photograph17: 1080p isn't part of the HDTV broadcast standard. 1080p is in the Blu-ray spec, but not in the OTA/Cable HDTV spec, so until that is updated it wouldn't be a format to be supported anyway.
Additionally, being 84" or 120" has nothing to do with how well you'll see the resolution difference, it's how close you sit to the screen relative to the size that determines that. If you're 10' from an 84" and 15' from a 120" screen they'll look the same, despite one being larger. You'll have to sit a good amount closer to really see a difference.
I'm not a big 4K guy, as I think they can make other improvements that help existing content more, but I do think it's a big benefit that Sony can actually show native 4K content on their displays as everyone else launching a 4K display (Toshiba, LG, etc...) is stuck with upconverting HD content and then you're completely limited by the internal scaler of the display. All of these displays are for early adopters as the 4K spec for HDMI isn't finalized, so you can't have 3D content at 4K resolution, or frame rates beyond 30p (such as sports) at 4K either, so in a few years these will be outdated, much like those early $10,000 1080i HDTVs without HDMI are now.
$25,000 dollar pilot price? This is just another redundant cycle of pure profit for the electronic companies. If I recall it said, "upscaling" to 4k. Not true 4k. Frankly, I think there's only so much sharpness and perfection visibly to the human eye to make enough difference to upgrade again, and again, and now again. Personally, I do not want a TV 84' and especially not 120 inches in my house forcing me to sit 50 feet away. It's almost like this elite hardware is coming into the market only for the extremely wealthy. I am very content with my 50' Panasonic plasma and will not be replacing it anytime soon. In my humble opinion, this is purely exaggerated at least right now.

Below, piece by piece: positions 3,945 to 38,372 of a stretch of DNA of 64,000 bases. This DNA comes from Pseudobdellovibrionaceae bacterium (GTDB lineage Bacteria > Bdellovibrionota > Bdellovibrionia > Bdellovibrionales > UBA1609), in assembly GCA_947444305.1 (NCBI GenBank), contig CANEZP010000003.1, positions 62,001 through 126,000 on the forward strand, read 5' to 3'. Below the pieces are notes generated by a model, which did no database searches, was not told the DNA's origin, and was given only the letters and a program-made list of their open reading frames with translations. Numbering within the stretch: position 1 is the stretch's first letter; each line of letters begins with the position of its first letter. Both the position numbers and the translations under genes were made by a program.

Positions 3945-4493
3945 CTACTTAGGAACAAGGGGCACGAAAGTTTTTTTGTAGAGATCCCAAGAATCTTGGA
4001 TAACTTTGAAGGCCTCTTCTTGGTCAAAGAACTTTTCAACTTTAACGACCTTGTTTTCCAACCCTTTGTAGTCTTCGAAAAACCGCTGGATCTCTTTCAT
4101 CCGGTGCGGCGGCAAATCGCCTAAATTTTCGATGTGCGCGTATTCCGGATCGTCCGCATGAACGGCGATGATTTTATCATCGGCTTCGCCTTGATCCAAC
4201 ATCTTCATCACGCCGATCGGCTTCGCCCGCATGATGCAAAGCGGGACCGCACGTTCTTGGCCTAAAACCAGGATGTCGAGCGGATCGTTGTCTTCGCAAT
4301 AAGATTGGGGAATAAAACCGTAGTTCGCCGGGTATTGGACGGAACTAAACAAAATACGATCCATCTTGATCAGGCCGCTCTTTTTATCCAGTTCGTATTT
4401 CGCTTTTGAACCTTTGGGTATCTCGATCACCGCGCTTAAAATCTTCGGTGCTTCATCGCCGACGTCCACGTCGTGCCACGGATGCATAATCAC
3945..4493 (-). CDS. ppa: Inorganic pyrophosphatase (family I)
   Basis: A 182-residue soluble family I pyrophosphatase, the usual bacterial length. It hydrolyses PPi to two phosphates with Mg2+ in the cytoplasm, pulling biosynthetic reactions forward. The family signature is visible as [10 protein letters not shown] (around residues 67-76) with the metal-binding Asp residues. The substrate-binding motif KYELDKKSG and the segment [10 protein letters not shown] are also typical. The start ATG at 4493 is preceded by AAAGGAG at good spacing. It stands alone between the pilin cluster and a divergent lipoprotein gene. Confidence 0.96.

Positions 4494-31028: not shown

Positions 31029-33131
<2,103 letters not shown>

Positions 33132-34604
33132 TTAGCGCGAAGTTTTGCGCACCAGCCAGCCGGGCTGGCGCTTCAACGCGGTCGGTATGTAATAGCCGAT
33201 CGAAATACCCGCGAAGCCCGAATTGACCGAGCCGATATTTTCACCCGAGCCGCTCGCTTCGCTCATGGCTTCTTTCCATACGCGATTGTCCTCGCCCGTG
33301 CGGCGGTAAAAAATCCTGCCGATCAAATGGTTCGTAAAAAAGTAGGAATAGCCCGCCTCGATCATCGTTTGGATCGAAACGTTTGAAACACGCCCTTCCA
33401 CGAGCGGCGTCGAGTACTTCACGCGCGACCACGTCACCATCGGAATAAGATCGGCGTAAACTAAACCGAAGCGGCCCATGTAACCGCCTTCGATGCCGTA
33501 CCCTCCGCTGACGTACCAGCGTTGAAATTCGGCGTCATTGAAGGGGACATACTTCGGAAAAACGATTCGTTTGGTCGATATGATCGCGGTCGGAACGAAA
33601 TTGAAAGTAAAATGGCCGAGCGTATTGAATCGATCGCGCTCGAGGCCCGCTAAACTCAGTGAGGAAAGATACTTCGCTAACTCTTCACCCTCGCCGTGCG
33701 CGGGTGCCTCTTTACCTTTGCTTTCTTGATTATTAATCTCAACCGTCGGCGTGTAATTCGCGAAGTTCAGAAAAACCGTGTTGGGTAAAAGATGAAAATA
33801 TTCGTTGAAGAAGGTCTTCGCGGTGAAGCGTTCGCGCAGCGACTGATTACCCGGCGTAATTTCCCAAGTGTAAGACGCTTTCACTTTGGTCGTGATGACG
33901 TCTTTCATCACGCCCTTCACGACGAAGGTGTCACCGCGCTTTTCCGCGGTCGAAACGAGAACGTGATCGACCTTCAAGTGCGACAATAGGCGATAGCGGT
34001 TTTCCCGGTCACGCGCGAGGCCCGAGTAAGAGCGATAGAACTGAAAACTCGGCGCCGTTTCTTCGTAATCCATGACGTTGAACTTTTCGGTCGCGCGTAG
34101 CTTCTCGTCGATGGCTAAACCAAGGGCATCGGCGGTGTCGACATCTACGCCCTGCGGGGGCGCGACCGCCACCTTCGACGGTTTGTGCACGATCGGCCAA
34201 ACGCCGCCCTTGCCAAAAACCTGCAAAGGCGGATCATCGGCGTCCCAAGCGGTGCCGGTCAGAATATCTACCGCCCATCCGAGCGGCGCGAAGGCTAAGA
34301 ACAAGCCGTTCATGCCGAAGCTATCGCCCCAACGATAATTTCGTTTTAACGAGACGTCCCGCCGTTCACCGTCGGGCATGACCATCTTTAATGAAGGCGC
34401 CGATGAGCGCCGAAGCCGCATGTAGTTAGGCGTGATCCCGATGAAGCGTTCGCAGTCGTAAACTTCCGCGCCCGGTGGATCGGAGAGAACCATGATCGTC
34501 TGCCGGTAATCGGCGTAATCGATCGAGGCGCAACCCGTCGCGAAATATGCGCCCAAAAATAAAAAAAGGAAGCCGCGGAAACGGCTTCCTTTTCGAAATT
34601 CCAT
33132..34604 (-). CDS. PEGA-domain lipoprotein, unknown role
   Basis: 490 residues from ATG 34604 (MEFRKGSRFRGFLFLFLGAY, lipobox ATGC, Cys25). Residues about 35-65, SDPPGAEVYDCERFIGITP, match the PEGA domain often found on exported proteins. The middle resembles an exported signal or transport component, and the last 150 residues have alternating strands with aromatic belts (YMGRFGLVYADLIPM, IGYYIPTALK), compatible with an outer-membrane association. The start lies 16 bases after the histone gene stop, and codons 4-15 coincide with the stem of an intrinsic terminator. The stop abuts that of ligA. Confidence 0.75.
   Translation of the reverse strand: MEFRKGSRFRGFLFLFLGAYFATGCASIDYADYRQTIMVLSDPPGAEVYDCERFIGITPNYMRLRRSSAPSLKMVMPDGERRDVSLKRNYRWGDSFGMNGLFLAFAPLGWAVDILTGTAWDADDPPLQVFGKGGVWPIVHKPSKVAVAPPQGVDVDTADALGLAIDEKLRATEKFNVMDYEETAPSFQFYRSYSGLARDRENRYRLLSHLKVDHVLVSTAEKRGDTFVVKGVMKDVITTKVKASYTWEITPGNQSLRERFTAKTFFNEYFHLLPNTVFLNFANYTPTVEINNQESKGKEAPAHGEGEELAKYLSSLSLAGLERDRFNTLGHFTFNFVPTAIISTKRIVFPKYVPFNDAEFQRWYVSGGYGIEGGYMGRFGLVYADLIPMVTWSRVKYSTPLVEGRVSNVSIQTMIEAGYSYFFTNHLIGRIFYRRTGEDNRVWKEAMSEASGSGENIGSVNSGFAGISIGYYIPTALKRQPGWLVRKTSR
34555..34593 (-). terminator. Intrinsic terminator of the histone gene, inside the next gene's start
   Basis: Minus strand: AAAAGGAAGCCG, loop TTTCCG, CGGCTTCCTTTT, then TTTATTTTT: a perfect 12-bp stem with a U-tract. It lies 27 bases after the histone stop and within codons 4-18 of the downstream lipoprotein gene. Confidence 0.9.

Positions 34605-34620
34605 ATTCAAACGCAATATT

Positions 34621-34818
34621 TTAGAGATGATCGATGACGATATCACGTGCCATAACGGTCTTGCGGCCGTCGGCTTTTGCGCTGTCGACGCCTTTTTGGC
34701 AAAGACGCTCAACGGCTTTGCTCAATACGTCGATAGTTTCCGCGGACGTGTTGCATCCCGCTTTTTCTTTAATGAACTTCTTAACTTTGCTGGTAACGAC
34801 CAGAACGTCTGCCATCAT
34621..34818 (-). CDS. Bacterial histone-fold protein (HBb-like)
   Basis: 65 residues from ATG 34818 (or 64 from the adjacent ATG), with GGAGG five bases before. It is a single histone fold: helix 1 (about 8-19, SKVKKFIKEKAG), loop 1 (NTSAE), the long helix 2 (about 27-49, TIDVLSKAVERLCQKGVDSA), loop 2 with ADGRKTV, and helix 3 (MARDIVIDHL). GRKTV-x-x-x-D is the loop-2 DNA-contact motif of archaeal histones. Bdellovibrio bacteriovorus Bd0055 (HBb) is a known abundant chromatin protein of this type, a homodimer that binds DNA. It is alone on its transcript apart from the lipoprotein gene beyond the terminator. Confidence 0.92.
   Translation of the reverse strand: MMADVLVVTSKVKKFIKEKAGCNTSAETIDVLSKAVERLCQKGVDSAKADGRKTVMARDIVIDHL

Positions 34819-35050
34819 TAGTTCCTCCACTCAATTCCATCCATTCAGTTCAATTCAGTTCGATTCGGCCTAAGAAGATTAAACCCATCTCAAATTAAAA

How much does it weigh? Is it LCD? I'll be interested in several years when 4K is affordable and there are plenty of 4K movies to watch. Until then, BD is still what I was waiting for. Let's hope 4K scans are standard by now, so the films are ready to go when we want them.
Looks promising, especially if they can make the discs backwards compatible with existing BD discs (that is, include a compatibility portion that will work on existing devices, and have extra layers for an HEVC portion for newer devices).
Yup, a perfect time to release this, when the U.S. economy is heading down to the depths, when high quality 1080p televisions are dirt cheap, and when the vast majority of folks are STILL not convinced blu-ray is the way to go.
While I've been an early adopter of nearly all formats (even betamax and laserdisc) I truly believe this is one that will fail. I think it's a slam dunk that BR may be the last removable media format we'll see (but long live it indeed).
From what Im reading, 4k TV's will have a major benefit with screen sizes 70"+ while the average 50-60" will be les noticable. Makes sense, 1080p stretched across 100" will only look good if you sit far enough away from it or it will look pixelated the closer you are. 4K will allow you to sit just like you always wanted at the theater, all the way up front with your head tilting left and right, because now, distance to screen size wont matter since the detail will be extraordinary right up to your eyeballs.